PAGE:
Sébastien: Yeah. And you also mentioned that TSMC they're looking to build factories in the US. And their ability to build smaller and smaller is really driving this revolution here. But if TSMC comes and builds factories elsewhere in the world, there's no guarantee that these factories will be as efficient as those that are in Taiwan.

Maxime: No, exactly. The Taiwan fab has something special all over it, I would say. In fact, there's a lot of questions about the moisture in the air, the temperature, like… will a fab in the US be able to be as efficient as what we have in Taiwan? And will we be able in this fab to build a two nanometer chip, for example? So that's a question, an unknown. But the US administration is doing everything that they can to bring back this piece of equipment to the US because it's the most sought-after thing in the world right now, and it's a geopolitical risk.

Sébastien: Yeah. So, there's engineering issues, there's geopolitical issues. And then, if you build those data centres, those data centres will have to be built. So, there's construction involved. It also needs a lot of energy so there's pressure on the grid. So, there's more economic factors at play here than what we can imagine.

Maxime: Absolutely. I think outside of Nvidia there's a big opportunity. And just to give you an idea, when we think about the impact on data centres, we need to rethink the architecture behind the data centre. When we think about GPUs, there's two interesting things: you need way more energy and it emits way more heat. So, you need to rethink the ventilation system inside of your data centres. So, do you go with HVAC? Do you go with liquid cooling? Which are two new technologies that were not really used in data centres before. So, there's a good opportunity there. When you think about the grid, we need more electricity. So, all the electrical equipment companies will also benefit from this increased demand. And as we built new data centres, it's going to be good for industrial companies overall because it's an increase in manufacturing spend. Now, to get back to your question about the grid, what's also interesting is that we know that the grid in the US is quite old and need to be revamped. There's also a big question about: we need to have renewable energy to power those data centres.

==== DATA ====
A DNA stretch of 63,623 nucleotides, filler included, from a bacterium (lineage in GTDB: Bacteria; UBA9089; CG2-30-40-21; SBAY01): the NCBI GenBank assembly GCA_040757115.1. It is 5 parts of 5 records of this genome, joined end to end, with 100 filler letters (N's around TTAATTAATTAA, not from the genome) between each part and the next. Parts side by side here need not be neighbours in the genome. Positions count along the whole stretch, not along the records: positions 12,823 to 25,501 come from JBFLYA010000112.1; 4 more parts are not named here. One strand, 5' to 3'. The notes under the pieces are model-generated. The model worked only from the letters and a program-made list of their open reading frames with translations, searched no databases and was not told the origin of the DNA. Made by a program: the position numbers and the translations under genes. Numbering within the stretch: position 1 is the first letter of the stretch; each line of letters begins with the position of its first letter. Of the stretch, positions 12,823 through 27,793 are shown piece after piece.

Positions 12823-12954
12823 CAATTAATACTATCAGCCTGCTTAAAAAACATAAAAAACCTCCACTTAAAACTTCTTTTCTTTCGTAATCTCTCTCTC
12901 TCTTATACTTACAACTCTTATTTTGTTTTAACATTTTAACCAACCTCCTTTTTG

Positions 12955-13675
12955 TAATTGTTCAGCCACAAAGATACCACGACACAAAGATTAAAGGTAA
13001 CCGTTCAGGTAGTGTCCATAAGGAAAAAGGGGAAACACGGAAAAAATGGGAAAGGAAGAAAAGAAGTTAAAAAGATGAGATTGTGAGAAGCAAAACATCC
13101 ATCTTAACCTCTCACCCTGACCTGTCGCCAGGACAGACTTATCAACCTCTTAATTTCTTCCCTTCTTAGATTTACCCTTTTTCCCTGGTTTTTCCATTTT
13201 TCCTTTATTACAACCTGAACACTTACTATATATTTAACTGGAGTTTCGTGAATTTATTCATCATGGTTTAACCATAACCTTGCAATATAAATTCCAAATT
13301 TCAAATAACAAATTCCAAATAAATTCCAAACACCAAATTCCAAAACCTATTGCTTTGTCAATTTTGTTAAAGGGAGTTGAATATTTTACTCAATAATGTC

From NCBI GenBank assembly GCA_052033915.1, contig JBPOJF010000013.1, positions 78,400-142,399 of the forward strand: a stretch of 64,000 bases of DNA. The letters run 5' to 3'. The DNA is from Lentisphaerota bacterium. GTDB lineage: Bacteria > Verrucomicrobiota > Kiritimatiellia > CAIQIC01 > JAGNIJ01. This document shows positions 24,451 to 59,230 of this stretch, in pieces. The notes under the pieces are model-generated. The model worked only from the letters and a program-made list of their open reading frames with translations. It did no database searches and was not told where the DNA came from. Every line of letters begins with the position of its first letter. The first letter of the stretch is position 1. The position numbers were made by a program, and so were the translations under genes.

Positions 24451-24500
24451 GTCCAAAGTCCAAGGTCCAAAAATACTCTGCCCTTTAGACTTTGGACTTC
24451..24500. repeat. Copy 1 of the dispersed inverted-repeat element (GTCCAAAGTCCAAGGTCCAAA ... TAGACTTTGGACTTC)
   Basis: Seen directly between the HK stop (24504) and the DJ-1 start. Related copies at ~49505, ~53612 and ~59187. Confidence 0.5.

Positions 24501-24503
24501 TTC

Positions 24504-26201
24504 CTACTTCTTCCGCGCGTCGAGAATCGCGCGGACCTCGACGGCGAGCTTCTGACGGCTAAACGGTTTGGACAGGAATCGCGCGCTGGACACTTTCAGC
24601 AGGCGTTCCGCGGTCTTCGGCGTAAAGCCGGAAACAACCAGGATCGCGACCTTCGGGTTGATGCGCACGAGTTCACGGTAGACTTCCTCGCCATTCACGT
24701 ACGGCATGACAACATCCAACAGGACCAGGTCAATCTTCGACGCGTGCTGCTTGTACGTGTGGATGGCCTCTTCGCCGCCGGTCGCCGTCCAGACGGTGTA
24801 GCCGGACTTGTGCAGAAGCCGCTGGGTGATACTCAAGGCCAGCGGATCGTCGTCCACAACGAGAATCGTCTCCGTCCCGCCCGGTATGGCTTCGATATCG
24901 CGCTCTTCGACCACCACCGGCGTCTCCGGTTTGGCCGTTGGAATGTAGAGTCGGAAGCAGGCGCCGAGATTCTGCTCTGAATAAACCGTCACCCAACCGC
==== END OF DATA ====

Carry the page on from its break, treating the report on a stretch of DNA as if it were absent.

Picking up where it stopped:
Ashleay: Right!

Maxime: So there's also a big opportunity in that front where we've seen something interesting in the last couple of weeks, where Amazon signed a deal with a utility-based company that is offering nuclear energy. So, they will build their data centre next to the nuclear plant. And so that's a new way of using the nuclear plants that we're getting, because it's a reliable source of energy, which is ideal for a data centre. So, we're seeing a bit of a revolution on that front, and that could propel just the theme of renewable energy. We know it's been involved in the electrification overall that we've seen in the US. And now we have this second layer of growth that could impact them.

Sébastien: So, electrification of transports plus this. So, you had an estimate for how many years it will take for the energy demand to double. Is it a few years?

Maxime: So, the estimate is that because of this increased demand from data centres, the energy demand will need to double in the next five years, roughly.

Ashleay: Wow!

Maxime: So that's a big demand. And so, we need to meet it with supply. And what we're seeing is that obviously renewable will participate. But now we're seeing nuclear as a big opportunity on that front.

Sébastien: So there's geopolitics, engineering, ESG… because if you want to produce all of this electricity, you know, in Canada, we have lots of renewable; in the US, of course there's some renewable, but there's also still a lot of gas and coal energy production. So, you're putting pressure on the theme of decarbonization of the economy. All of these themes are wrapped into it.  So, before we just have artificial intelligence everywhere and our life changes, we kind of have to move through these real-world elements, which are… there's multiple layers of challenges.